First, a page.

Comparing Neonatal Mortality Rates for CNMs and Other Midwives
I’ve been following with interest the discussion of homebirth midwife education at The Skeptical OB.
In her post, Dr. Tuteur repeats her oft-made claim that direct-entry midwives (DEMs) are poorly trained and incompetent compared with MDs, certified nurse-midwives (CNMs) and midwives in other wealthy countries.
Many claims for the safety of CPM-attended homebirth are the frequently cited Johnson & Daviss study, in which the authors concluded that planned homebirth with a CPM had intrapartum and neonatal mortality rates comparable to hospital birth (and which Dr. Tuteur has critiqued), but I was curious to see if there was any other evidence.
I took a closer look at the CDC’s so-called WONDER Database (cited in my recent post on the ACNM), which contains information on births and deaths of infants born in the U.S. between 1995 and 2005, querying the database for early neonatal mortality rates among different providers for low-risk women.
I hadn’t planned on posting about it, but what I found was so startling that I thought I would offer it up for discussion.
In every case, mortality rates for the “other midwife” category is considerably worse than for other categories. When compared with those for CNMs (the group with patients most closely matched for risk level), other midwives’ mortality rates are at least three times higher.
In an attempt to eliminate neonatal deaths due to issues not generally related to quality of obstetrical care, I used the following parameters:
- Early neonatal deaths = < 1 hour to 6 days of age
- White women, ages 20-44
- 37+ weeks gestation
- Singleton pregnancy
- Prenatal care beginning in months 1-6
- Birth weight 2500+ grams
- Deaths due to “certain conditions originating in the perinatal period”
To eliminate (insofar as possible) unassisted births, I also eliminated births within the following parameters:
- Place of birth listed as “unknown or not stated”
- Medical attendant listed as “unknown or not stated” or “other”
Note: I did not query the database for 1995-1998 because it does not allow queries by attendant type, and uses ICD-9 codes for cause of death, which may not match up with later ICD-10 codes. The CDC separates databases for 1999-2002 and 2003-2005 because the latter group includes additional categories for maternal race.
I have denoted with an * where the numerators are <20, and the morality rate does not meet National Center for Healthcare Statistics standards for reliability or precision.
|CDC WONDER 1999-2002: Early neonatal deaths—low risk women—perinatal causes|
|CDC WONDER 2003-2005: Early neonatal deaths—low risk women—perinatal causes|
One claim frequently made by proponents of midwifery and out-of-hospital birth is that physicians and CNMs who practice in hospitals are too quick to induce postdates babies, so I also calculated rates for neonates born at 41+ weeks gestation.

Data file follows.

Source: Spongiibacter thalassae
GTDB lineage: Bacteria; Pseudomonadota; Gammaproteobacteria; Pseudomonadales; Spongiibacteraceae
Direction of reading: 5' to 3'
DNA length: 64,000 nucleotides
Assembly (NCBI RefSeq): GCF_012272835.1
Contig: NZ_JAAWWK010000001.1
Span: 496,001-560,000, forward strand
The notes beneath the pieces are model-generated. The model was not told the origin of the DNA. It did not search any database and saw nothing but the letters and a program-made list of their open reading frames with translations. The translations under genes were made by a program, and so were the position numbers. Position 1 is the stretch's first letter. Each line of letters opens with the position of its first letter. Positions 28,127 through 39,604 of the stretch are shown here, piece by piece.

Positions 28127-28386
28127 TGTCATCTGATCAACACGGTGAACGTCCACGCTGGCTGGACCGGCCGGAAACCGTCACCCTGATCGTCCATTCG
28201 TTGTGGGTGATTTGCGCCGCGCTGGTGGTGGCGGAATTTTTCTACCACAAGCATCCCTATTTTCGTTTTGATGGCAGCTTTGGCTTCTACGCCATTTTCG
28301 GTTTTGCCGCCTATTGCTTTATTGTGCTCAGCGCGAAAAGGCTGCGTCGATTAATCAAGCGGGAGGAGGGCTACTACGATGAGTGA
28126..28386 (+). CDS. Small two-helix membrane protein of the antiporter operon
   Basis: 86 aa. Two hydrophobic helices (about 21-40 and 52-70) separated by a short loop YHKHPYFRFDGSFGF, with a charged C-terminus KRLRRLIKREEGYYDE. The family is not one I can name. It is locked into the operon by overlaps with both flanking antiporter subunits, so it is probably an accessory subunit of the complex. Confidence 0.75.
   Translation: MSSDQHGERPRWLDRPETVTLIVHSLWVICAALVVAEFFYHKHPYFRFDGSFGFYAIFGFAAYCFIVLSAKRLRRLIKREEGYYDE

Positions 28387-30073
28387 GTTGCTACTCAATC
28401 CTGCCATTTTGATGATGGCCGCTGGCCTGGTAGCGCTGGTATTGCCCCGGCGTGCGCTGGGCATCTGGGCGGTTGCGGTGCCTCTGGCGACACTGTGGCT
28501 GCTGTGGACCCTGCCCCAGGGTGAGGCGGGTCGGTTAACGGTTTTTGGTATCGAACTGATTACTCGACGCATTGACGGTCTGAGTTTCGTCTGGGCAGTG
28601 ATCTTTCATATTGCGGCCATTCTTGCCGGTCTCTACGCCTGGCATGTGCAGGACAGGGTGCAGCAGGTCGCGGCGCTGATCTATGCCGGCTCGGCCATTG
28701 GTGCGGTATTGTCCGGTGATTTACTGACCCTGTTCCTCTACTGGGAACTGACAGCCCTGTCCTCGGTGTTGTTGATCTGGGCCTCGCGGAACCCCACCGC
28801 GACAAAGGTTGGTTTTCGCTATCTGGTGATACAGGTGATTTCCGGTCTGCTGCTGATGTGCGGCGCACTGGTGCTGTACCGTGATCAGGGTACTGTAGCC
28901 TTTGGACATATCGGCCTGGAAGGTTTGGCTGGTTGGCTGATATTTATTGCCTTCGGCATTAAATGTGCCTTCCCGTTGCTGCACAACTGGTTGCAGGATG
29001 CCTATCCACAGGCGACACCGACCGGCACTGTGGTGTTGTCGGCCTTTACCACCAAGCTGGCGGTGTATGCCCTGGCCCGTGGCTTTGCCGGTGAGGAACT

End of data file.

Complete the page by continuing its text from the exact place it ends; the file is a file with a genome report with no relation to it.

Mortality rates for postdates neonates were significantly higher for non-CNM midwives than for any other attendants.
|CDC WONDER 1999-2002: Early neonatal deaths–perinatal causes–41+ weeks gestation (otherwise low-risk)|
|CDC WONDER 2003-2005: Early neonatal deaths–perinatal causes–41+ weeks gestation (otherwise low-risk)|
For a wide variety of reasons , this data cannot be used to draw valid conclusions about the competence of any group of providers.
One particularly important caveat is that the numbers for the “other midwife” category are so small that a single death can disproportionately influence the mortality rate.
Nevertheless, I find it interesting that the numbers consistently point to poorer outcomes for non CNM-midwives (I ran several additional queries using other parameters that revealed similar results, but chose not to include them here because they included factors that either placed the mothers at higher risk, or causes of death largely unrelated to birth.)
What it suggests is not necessarily that non-CNM midwives are incompetent, but that it is incumbent upon the organizations that advocate for them to conduct or sponsor additional, high-quality research into potential disparities in quality of care, both among differently-trained midwives, and between non-CNM midwives and other providers.
- 1. This is raw data, and can’t be compared with a meticulously designed and conducted study for a wide variety of reasons, including:
- It is based on birth and death certificate information, which can be unreliable, particularly with regard to cause of death.
- It contains only information about actual place of birth rather than intended place of birth, which would be important in determining which deaths were due to unintended out-of-hospital birth, and which deaths occurred in hospital after transfer from homebirth or other out-of-hospital settings.
- It provides fairly simple parameters with which to eliminate potential confounding factors.
- The “other midwife” category includes all non-CNM midwives, from CPMs to lay midwives.
- Finally, and most importantly, this is based on my own review of the database. I am not a scientist, and have little formal education in statistics. Anything I say here should be taken as nothing more than the observations of an interested lay person.